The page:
This year, Will and Liam took halogen flashlights with them that they had gotten from Bill's family. Amazingly powerful, the beam lit up the very tops of the tall fir trees around the campfire. From behind me, Liam shone the light on my head. "Whoa, Mom, has grey hair!" I'm not due for a color correction for two more weeks. Were the grey threads sparkling like diamonds under the halogen microscopic light?

Will found a new walking stick and carved his initials and markings into it with his knife. He earned his whittling badge a couple years ago so could carry and use his pocketknife on the trip. Liam also wanted to whittle but hasn't earned his badge yet. Bill loaned him his Swiss army knife and sat next to him as he broke the Cub Scout rule. At dusk I asked Liam if he needed a light, "No, I'm good, Mom. I can see just fine." We need to work on that badge.

While hiking through the forest, Liam stepped in horse poop. Bill told him those were called "road apples." The boys found that term hilarious. The next day, Liam created a verb out of the noun, "Hey, I guess I'm pretty healthy! I road appled today!" Impressed with his grammar creativity but wish the topic was different.

Happy Hump Day!

My Letter to Santa

Dear Santa, You have been Santa for much longer than I have been Mom, and I need some advice.

Two years ago, Will and Liam wanted the LEGOS Death Star for Christmas.  This chatter started in early November.  They knew that was a bit much for us to spend, so they decided to ask you for this elaborate LEGOS kit.  I don’t know if your elves churn out LEGOS at Christmas or if you contract with LEGOS, but either way I was uneasy with them asking you for a $400 LEGOS set.    I waited until late-November, hoping the Death Star conversation would quiet down.  But it just got bigger and bigger.  Plans were in the making for where they would build it.  The LEGOS catalog was ragged like the toy section in the old Sears catalog that my sister, my brothers and I would wish from every year.

During one of these wishful conversations, I had to hit the brakes for your sake.  “Boys, I have been thinking a lot about this; I just don’t feel right about it.  I need to tell you what I’m thinking.  That’s a very big gift to ask for.  I don’t think you’ve ever gotten anything that big from Santa.  Have you?”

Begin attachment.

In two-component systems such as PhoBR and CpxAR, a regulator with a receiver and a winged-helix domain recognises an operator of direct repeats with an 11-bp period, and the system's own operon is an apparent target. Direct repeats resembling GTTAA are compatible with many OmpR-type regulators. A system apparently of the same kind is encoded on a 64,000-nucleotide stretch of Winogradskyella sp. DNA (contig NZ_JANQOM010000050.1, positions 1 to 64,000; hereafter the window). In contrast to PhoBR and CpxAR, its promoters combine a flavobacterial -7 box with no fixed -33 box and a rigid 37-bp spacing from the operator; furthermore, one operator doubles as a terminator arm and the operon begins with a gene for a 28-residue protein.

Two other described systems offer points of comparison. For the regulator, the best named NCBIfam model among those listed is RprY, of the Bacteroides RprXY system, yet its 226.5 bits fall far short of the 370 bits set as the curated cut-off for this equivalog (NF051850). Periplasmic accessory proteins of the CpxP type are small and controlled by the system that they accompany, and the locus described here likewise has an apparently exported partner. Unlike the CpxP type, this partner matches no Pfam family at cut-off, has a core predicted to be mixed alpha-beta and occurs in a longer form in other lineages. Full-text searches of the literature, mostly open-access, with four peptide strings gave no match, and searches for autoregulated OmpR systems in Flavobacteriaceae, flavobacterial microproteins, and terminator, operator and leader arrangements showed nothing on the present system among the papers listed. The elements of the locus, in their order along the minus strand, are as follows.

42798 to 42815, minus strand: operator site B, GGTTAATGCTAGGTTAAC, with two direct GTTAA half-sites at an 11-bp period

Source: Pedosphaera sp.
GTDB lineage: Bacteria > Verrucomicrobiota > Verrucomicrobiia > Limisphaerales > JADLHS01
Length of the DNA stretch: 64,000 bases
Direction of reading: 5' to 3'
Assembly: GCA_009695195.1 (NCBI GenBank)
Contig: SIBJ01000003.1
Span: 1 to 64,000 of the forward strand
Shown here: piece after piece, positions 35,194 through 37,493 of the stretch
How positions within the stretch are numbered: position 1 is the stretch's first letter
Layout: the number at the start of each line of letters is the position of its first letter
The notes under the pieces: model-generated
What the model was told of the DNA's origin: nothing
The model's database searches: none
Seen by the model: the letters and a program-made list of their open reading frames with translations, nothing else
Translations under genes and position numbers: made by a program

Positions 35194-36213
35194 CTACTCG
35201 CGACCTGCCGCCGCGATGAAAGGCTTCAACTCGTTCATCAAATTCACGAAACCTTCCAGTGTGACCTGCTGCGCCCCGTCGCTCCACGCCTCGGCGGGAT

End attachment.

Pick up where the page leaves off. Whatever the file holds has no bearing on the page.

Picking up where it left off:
“Some kids just ask for food or clothes.  So asking for this seems a little over the top.”


“Think about what Santa has given you in the past.  Maybe you could put LEGOS gift cards on your wish list to Santa.  It’s a little strange to ask for a gift card, but you could explain what you want and why you have a gift card on your wish list.  You could let family know you want gift cards too.  Maybe you could use some of the money you’ve saved throughout the year toward buying it.  Just something to think about…”

And with that, the Death Star idea dwindled over a few days and was eventually snuffed out.

This year, Liam wants an XBOX360.  I’m balking a bit, so he’s determined to ask you for it.  And he has threatened me with an out-of-the-corner-of-his-eyes look and the sneaky words, “If Santa doesn’t bring it, I’ll know he’s not real.”  Will flinched.

Santa, here I draw the line.  You don’t threaten Mom.  You don’t threaten Santa.  It’s just not cool.  So, you may get a letter requesting an XBOX360.  If you do, let’s talk before you load the sleigh.



Corn's On!

What will you do or did you do on your 70th birthday? At dusk on the eve of Dad’s 70th birthday, Will, Liam and I were helping Dad pick sweet corn.  We would be “doing corn” the next day, on his birthday.  In the corn patch, which was probably 100 yards long and 20 rows deep, Dad picked corn and filled 5-gallon buckets while I couriered full buckets to the Chevy S-10 and emptied them into the truck-bed.

The corn stalks shot way over our heads and were thick enough to hide Dad in the middle.  I followed his voice to find him and exchange my empties for his full buckets.

The boys and I over-exaggerated the steps we took over the electric fence. It lined the perimeter of the corn patch and was about 6 inches off the ground. The fence stopped the raccoons from entering the patch. If a raccoon family had a midnight feast, then invited their friends to come the next night and the next, a good chunk of corn would be stripped from the stalks in a matter of a couple days.

Shortly, this conversation between Farm Dad and City Girl ensued:

“How many buckets have you emptied?” Dad asked. “I don’t know, maybe 8 – 12,” I guessed. “Haven’t you been counting?” he asked. Then a flashback: yes, for some reason, I should’ve been counting. “No.” “You haven’t been counting?” “No, you didn’t tell me to count.” “We always count, so Mom has enough for 100 pints.” “Oh… well, I haven’t done this in 15 years – I guess I needed a reminder to count.”  Then good-naturedly, "Why, Linda Kay... I can't believe you didn't count."